UK seafood inflation likely to continue climbing this year, prices rising rapidly
U.K. food prices are rising at the fastest rate in over 40 years, according to new data from the U.K. Office for National Statistics.
Grocery price inflation rose again in February, reaching 17.1 percent in the four weeks to 19 February, the highest level ever recorded by research firm Kantar. As a result, overall take-home grocery sales by value increased by 8.8 percent during the four weeks and by 8.1 percent for the most-recent quarter.
While overall grocery sales increased, chilled and frozen seafood sales continued to decline. Only ambient seafood sales grew, according to Seafish, the public body that supports the U.K. seafood industry.
The impact is being felt across retail seafood sales, as grocery inflation broke another U.K. record in February. Analysts expect seafood price inflation to continue rising in 2023, but noted a few standout seafood items likely to perform well.
“2022 was a tough year for seafood, with the category returning to accelerated decline. Both the value and volume of seafood sales continued to fall through the fourth quarter,” Seafish Market Insight Analyst Richard Watson told SeafoodSource. Overall seafood sales – chilled, frozen, and ambient – dropped 3.6 percent for the year to GBP 4.06 billion (USD 4.9 billion, EUR 4.6 billion), while volume fell 5.5 percent.
In response to the ongoing inflation crisis, some U.K. retailers are making drastic moves. Tesco will eliminate around 1,750 lead and team managers in its large stores, but said it will add around 1,800 positions in other stores. After closing meat, seafood, and hot deli counters in around 390 stores since 2019, Tesco is moving to close all its remaining counters starting in February.
“We have seen a significant decrease in demand for our counters over the last few years, and our customers no longer say they are a significant reason for them to come in store and shop with us. Instead, they are choosing to buy from our wide range of great quality products available in our aisles,” Tesco said.
The current rate of decline in seafood sales is concerning because seafood realized only relatively modest inflation of 1.2 percent compared to other food items in 2022 through September, according to Watson.
"But inflation is now showing signs of increasing ... and is likely to continue to increase into 2023 – already at 5.6 percent in February 2023 – reflecting increased raw material and production costs,” he said. “Seafood already has a relatively high average price compared to other proteins, as a result of regular double-digit inflation over the past 15 years, so any further increase in prices will add to the negative impact on sales."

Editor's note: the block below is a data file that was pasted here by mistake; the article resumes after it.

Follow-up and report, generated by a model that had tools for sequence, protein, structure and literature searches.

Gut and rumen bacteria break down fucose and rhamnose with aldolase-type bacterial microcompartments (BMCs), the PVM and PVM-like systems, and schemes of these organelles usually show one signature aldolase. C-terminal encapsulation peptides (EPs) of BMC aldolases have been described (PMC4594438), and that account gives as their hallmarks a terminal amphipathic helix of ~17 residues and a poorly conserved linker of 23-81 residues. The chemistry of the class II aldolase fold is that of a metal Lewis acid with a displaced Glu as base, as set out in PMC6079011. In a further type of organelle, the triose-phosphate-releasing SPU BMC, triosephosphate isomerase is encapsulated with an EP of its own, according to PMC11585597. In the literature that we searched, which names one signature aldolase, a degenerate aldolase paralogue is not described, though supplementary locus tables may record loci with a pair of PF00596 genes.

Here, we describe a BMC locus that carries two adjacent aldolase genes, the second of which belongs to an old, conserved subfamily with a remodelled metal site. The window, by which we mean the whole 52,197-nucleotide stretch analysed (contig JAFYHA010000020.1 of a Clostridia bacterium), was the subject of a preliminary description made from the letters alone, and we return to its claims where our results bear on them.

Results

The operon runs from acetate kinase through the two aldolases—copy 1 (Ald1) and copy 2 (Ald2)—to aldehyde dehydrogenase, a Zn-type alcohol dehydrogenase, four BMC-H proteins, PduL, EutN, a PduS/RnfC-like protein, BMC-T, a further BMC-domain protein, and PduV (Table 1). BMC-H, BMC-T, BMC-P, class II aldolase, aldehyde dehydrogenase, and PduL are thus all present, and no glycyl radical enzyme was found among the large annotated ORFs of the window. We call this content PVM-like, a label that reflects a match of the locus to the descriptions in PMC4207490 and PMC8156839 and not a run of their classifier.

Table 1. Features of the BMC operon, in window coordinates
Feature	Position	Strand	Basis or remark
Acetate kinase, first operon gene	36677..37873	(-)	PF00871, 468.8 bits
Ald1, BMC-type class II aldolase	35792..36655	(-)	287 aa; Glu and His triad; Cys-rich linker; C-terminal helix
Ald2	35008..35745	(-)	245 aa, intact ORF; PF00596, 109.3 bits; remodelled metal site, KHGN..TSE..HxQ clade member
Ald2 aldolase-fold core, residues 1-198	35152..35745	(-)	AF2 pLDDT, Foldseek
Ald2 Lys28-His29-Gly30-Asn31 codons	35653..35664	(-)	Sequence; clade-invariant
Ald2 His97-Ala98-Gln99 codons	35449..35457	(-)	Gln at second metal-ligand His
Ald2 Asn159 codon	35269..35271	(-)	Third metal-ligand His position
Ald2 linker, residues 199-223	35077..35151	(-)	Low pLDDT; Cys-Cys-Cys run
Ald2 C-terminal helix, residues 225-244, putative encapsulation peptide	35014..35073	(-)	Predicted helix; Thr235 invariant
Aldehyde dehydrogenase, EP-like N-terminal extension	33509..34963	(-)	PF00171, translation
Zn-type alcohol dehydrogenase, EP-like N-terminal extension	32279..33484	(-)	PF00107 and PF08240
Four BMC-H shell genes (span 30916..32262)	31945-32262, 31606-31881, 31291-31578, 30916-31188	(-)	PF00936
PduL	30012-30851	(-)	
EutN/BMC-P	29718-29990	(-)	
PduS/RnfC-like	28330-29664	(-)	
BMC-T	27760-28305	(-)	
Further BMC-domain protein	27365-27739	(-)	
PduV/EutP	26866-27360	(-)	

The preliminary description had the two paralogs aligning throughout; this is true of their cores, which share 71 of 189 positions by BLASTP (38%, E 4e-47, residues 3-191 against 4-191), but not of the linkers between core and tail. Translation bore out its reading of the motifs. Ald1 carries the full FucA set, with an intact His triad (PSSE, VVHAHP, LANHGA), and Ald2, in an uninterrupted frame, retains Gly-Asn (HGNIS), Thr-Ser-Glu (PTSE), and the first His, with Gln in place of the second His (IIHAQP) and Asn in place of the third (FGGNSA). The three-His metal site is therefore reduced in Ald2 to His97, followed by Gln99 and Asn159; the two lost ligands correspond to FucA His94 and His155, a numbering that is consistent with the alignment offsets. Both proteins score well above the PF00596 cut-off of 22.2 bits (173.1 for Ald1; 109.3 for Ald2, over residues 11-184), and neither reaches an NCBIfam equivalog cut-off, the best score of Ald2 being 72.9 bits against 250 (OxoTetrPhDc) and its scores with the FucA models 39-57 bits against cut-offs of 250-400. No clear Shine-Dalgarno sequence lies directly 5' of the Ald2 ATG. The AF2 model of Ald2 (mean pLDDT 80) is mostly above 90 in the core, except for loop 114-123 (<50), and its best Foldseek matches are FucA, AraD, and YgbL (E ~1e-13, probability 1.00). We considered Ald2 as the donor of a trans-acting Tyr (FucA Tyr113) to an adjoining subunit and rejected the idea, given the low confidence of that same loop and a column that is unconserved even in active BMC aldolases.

Pressure on the personal finances of U.K. resident continued to impact seals of nearly all seafood items in the second half of 2022, according to Watson. Only tuna, along with mixed seafood, sardines, crabstick, and hake grew volume sales,“ultimately benefiting from consumers’ turning to sandwiches to save money.”
Ambient seafood sales soared 10 percent in December 2022, according to Seafish.
“This is down to shoppers’ laser focus on price, and ambient being the cheapest sector. Essentially, shoppers trading down within seafood to save money have skipped frozen, turning straight into the cheapest seafood option,” Watson said.
As a result, sales of frozen seafood plummeted 10 percent in December, and chilled seafood sales volume also fell 8.4 percent in December, according to Seafish. This was likely due to chilled seafood having the highest average price of all three seafood sectors at GBP 14.20 (USD 17.07, EUR 16.07) per kilogram, up 5.2 percent month-over-month, according to Watson.
“This trend is likely to continue into 2023 until financial pressure and uncertainty eases,” Watson said.
The only chilled seafood product that experienced growth in December was ...
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